Tramlines

Insanity reigns as A-Bog makes Davis Cup side

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"Insanity
is doing the same thing over and over again but expecting different
results."

There's
a lot of debate over who first uttered this classic quote. Was it Albert Einstein?
Benjamin Franklin?

Either
way, it doesn't much matter.

What
does matter is that Britain's Davis Cup captain Leon Smith has obviously never heard
it before. That is the only possible explanation for his decision to include Alex Bogdanovic in Britain's squad for the match against Tunisia at the Bolton Arena
in March.

The
26-year-old Bogdanovic has played in five different Davis Cup teams. His record
reads: played eight, lost seven.

His
sole victory came in a singles match against doubles specialist Todd Woodbridge.
Woody was well into his mid-thirties at the time, and retired just a few months
later.

Oh
yes, we nearly forgot: the match was a dead rubber in any case, the fifth of the five matches, played while Australia were leading the tie 4-0.

All but one of the Davis Cup teams Bogdanovic has played in
has lost - the exception came in 2005 when Britain squeaked past
Israel 3-2 despite Bogdanovic's capitulation. Even then, the architects of the
victory were an ageing Greg Rusedski and a scarcely pubescent Andy Murray.

So
bad has Bogdanovic's tennis been in the unique cauldron that is the Davis Cup that former
GB skipper John Lloyd eventually just refused to pick him.

Even
during the brief periods when the Bosnian-born left-hander was apparently
making the most of his undeniable natural talent, Lloyd accepted the sad truth:
put him in front of a baying Davis Cup crowd and Bogdanovic will go to bits.

The strangest aspect of Smith's decision to recall Bogdanovic is that the player is currently making no use whatsoever of the
aforementioned talent.

He
has slipped so badly in the world rankings that he is now world number 378.
Britain - even Britain - has five players with higher singles rankings (James
Ward, Daniel Cox, Josh Milton, Richard Bloomfield and Andy Murray).

In
short, picking Alex Bogdanovic makes less sense than ever.

Despite
all this, and despite the fact that A-Bog ruled himself out of the last Davis
Cup match over a funding row, Smith has named Bogdanovic as one of his three singles players for the match.

Ward
and Jamie Baker (ranked 401st in the world) are the other two singles players
in the team, and though Smith could end up not using Bogdanovic it doesn't
sound like that's his plan at the moment. Quite the opposite, in fact: he's
talking him up as if the serial flop will be his main man:

"He's
very keen to play and very motivated," said Smith, who then added (perhaps with a
hint of desperation) that "he's a much better player than his ranking might
suggest".

While
it's difficult to argue with that statement, it is equally inarguable that
Bogdanovic is evidently a much worse
Davis Cup player than his ranking might suggest.

+++++

TWEETS OF THE WEEK

"Had
4 cars picking us up at the airport in Doha, think it should be enough;) hehe..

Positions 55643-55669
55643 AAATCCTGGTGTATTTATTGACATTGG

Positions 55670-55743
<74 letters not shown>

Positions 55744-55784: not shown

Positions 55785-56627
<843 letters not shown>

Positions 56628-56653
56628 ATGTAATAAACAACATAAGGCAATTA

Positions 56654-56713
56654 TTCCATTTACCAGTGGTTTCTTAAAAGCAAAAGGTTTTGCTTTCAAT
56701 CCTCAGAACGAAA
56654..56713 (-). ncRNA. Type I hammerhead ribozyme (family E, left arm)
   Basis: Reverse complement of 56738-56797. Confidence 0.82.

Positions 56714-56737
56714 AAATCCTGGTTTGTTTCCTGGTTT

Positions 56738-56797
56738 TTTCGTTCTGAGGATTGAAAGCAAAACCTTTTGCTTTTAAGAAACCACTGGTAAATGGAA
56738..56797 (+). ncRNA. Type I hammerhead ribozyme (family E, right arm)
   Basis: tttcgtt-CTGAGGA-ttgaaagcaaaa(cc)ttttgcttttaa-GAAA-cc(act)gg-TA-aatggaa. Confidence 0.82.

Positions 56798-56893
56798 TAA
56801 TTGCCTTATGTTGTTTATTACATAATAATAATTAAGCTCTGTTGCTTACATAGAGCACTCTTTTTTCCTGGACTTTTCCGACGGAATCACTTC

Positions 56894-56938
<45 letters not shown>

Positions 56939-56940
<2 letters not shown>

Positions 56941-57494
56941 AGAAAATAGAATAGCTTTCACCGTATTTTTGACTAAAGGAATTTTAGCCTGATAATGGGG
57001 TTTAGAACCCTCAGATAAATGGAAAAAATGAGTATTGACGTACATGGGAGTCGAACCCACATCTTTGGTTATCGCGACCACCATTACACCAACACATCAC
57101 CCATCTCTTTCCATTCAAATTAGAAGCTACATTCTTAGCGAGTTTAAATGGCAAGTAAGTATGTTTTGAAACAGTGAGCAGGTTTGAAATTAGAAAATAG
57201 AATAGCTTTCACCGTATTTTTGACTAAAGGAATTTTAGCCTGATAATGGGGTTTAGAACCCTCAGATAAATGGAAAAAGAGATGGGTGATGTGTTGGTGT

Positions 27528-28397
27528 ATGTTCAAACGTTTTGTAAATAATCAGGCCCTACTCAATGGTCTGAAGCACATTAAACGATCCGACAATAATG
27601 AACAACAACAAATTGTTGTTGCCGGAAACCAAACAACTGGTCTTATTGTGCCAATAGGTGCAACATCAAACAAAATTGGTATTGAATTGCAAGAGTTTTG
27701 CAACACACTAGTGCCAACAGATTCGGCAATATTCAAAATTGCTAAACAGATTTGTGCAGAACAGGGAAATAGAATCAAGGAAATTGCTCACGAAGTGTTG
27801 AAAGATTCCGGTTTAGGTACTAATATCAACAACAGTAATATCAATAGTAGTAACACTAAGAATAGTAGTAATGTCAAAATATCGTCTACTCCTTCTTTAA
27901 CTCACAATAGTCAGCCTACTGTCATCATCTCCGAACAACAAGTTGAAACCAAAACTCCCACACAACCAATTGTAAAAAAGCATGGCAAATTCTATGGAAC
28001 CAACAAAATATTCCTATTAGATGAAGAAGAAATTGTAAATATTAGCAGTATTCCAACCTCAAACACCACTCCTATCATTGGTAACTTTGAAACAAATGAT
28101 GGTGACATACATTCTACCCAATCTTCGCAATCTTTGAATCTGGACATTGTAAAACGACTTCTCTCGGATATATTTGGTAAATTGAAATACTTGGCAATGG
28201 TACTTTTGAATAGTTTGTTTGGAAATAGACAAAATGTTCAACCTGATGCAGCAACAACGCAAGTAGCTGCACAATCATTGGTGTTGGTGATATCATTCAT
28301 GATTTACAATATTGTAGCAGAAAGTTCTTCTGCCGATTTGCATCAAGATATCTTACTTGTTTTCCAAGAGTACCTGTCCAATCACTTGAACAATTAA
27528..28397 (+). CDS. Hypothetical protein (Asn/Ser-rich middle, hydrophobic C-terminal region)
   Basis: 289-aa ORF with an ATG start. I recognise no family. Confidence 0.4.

On my way to the hotel now!" - Caroline
Wozniacki
reveals the unexpected perks of getting back her world number one
ranking...

"
Just rented a car
for a full week in the States for £142. Cannae beat it!" - ...while
British doubles specialist Colin Fleming
reveals what floats the boat of the players who feed in the shallow end of
tennis's money pool.

"
In Casablanca. My hotel room smells like the mix of urine and cigarettes. Suisse
would not be proud of this 'Hotel Suisse'... On another note, there is absolutely
nothing suspicious about 3 different girls, sitting at 3 different table in the
hotel lobby..." - Meanwhile, Amer
Delic
offers some useful travel tips for where not to stay if you're
visiting Morocco.

+++++

RANKINGS

The
big news of the week is that Caroline
Wozniacki's
victory in Dubai puts her back on top of the women's world
rankings after briefly being forced aside by Kim Clijsters. The pair are still
a long way clear of third-placed Vera Zvonareva, with Sam Stosur a further 2000
points down in fifth.

No
major moves in the the men's game, although world number four Robin Soderling's victory at the
weekend means he now has 300-odd points breathing space over fifth-placed Andy Murray.

+++++

A-BOG v A-BOG

Many
have debated sport's greatest rivalries over the years. Is it the effervescent rivalry
between Barcelona and Real Madrid? The 'Duel in the Sun' between Jack Nicklaus
and Tom Watson at Turnberry in 1977? Or perhaps the immortal 19th Century
cricket clashes between the Gentlemen and the Players at Lord's?

Regular
readers of Tramlines know the truth, however: sport's greatest tussle is the secret
battle between Alex Bogdanovic of Britain and Alex Bogmolov Jr of the USA.

It
was another fascinating clash last week: on the one hand, A-Bog (US) lost his
first round qualifier against Japan's Kei Nishikori at ATP Memphis; on the
other hand, Bogdanovic did not play, and slipped 78 spots in the ATP rankings.

Though
tempted to give neither man a point, we decided in the end that the winner had
to be A-Bog (GB)! The news that the 26-year-old has been recalled to the Davis
Cup squad surely makes up for the fact
that his career appears to be in terminal decline.

Standings: A-Bog (US) 21-13 A-Bog
(GB) (Season standings: 1-1)

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